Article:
Keeping the FaithAlice Bradley
Oh, friends, I am stuck. Trapped in Writer’s Purgatory. No ideas. No inspiration. No ability to write complete sentences. Send help!
It’s been going on for weeks, now. I start sentences and delete them; I pace around and sit and then jump up to pace some more. I decide to simply jot down thirty ideas, whatever comes out, la la la, because surely that will give me something. But no! I have nothing. NOTHING! Everything rings hollow and false as soon as I write it down. My shoulders are killing me, probably because I’ve been keeping them up around my ears. I’ve been snapping at my husband and son and pets. I stalk around the apartment, banging cabinets open and inhaling all the snacks. I am a delight.
I used to despair when I got this blocked. Oh, who am I kidding–I still despair. I’m despairing! I am trying, however, not to despair with quite as much gusto as I once did. Because when you go through this enough times, you begin to notice a pattern. And mine is this: I tend to feel blank and used up and terrible just before a burst of productivity and a breakthrough or two. I get frustrated and then more frustrated and just when I’m about to start screaming, something happens. So. Maybe that will happen this time. Maybe something’s going on, in this brain of mine. Maybe it’s not ready for me to gain access to it yet.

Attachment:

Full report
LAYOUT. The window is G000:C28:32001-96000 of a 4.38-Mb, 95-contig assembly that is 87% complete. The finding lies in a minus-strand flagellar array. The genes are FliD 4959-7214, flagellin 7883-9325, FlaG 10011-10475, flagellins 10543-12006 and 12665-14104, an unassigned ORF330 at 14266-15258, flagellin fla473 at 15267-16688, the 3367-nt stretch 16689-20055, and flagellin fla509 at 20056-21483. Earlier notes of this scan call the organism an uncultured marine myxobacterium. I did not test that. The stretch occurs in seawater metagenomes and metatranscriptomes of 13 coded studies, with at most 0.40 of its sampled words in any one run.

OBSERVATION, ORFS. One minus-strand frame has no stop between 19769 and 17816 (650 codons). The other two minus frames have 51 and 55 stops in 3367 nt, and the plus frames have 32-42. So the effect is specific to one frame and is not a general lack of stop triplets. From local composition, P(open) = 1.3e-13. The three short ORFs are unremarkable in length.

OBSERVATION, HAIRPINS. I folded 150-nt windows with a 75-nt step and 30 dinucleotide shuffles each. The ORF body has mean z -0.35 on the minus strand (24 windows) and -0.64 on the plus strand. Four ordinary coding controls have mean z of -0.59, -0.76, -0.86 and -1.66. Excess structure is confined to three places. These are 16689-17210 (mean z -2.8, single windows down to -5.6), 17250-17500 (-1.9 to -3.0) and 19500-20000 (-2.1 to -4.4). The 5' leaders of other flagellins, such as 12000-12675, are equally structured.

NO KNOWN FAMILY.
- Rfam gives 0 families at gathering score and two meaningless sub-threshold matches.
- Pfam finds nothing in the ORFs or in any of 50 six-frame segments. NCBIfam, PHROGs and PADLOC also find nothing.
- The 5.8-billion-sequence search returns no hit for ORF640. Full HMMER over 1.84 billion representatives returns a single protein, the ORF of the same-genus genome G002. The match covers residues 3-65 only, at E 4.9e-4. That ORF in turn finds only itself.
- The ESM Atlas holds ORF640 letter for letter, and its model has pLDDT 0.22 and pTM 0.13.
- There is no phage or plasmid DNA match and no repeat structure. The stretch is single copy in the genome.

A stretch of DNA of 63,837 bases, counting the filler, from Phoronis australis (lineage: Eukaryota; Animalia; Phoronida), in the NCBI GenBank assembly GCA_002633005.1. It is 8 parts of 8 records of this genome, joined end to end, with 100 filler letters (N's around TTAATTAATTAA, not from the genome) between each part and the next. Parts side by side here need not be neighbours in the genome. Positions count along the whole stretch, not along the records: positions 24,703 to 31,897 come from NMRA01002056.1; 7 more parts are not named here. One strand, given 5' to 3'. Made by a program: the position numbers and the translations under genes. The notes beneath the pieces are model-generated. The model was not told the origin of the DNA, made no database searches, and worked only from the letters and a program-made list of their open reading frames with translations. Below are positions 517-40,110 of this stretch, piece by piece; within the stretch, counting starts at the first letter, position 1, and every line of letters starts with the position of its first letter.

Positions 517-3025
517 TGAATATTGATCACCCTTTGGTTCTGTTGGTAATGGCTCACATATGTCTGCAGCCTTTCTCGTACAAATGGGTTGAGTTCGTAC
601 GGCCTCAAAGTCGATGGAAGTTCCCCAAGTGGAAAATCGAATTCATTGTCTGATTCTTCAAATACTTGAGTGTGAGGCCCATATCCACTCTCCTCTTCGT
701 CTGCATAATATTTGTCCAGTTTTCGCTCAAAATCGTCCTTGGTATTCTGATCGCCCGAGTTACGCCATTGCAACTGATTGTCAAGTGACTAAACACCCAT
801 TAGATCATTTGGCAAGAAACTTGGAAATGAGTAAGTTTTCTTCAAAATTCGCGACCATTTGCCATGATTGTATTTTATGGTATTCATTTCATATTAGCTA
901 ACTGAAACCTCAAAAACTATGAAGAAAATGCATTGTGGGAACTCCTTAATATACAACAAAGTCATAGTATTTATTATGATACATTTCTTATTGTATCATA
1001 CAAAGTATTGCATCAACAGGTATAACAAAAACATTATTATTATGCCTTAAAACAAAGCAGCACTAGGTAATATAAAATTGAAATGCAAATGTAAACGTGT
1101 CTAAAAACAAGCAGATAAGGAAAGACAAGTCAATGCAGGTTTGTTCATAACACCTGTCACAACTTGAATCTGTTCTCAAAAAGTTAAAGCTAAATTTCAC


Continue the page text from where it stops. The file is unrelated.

This may seem insane, but I like to believe it because it gives me comfort so shut it. Also, it’s happened before. I’m not crazy for once!
It’s a lot like when your kid is going through a developmental shift. If you’re a parent, you’ve seen it happen: every so often, your formerly beloved child becomes increasingly difficult–not sleeping, emotional, grouchy, irrational, near-psychotic–and you find yourself fighting with him over the tightness of his shoelaces or why his milk is too cold. It escalates to the point that you’re baffled and considering calling the authorities. And then one day you wake up, and lo and behold, the storm has passed. Your infant is crawling; your toddler is stacking blocks like a pro; your ten-year-old is whipping up a batch of crepes and asking you if you want extra foam on your latte.
But until that day comes, you’re stuck with a crazy-ass kid, and what can you do? You buckle down, exchange hushed words with your spouse and similarly tortured friends, try not to take it personally, and hope for the best.
So that’s what I’m doing, here. My brain is an unruly toddler, and everything will make sense again, someday. I just have to wait it out. Are any of you in the same place? Want to come and huddle with me? Come. Join me in my blanket fort.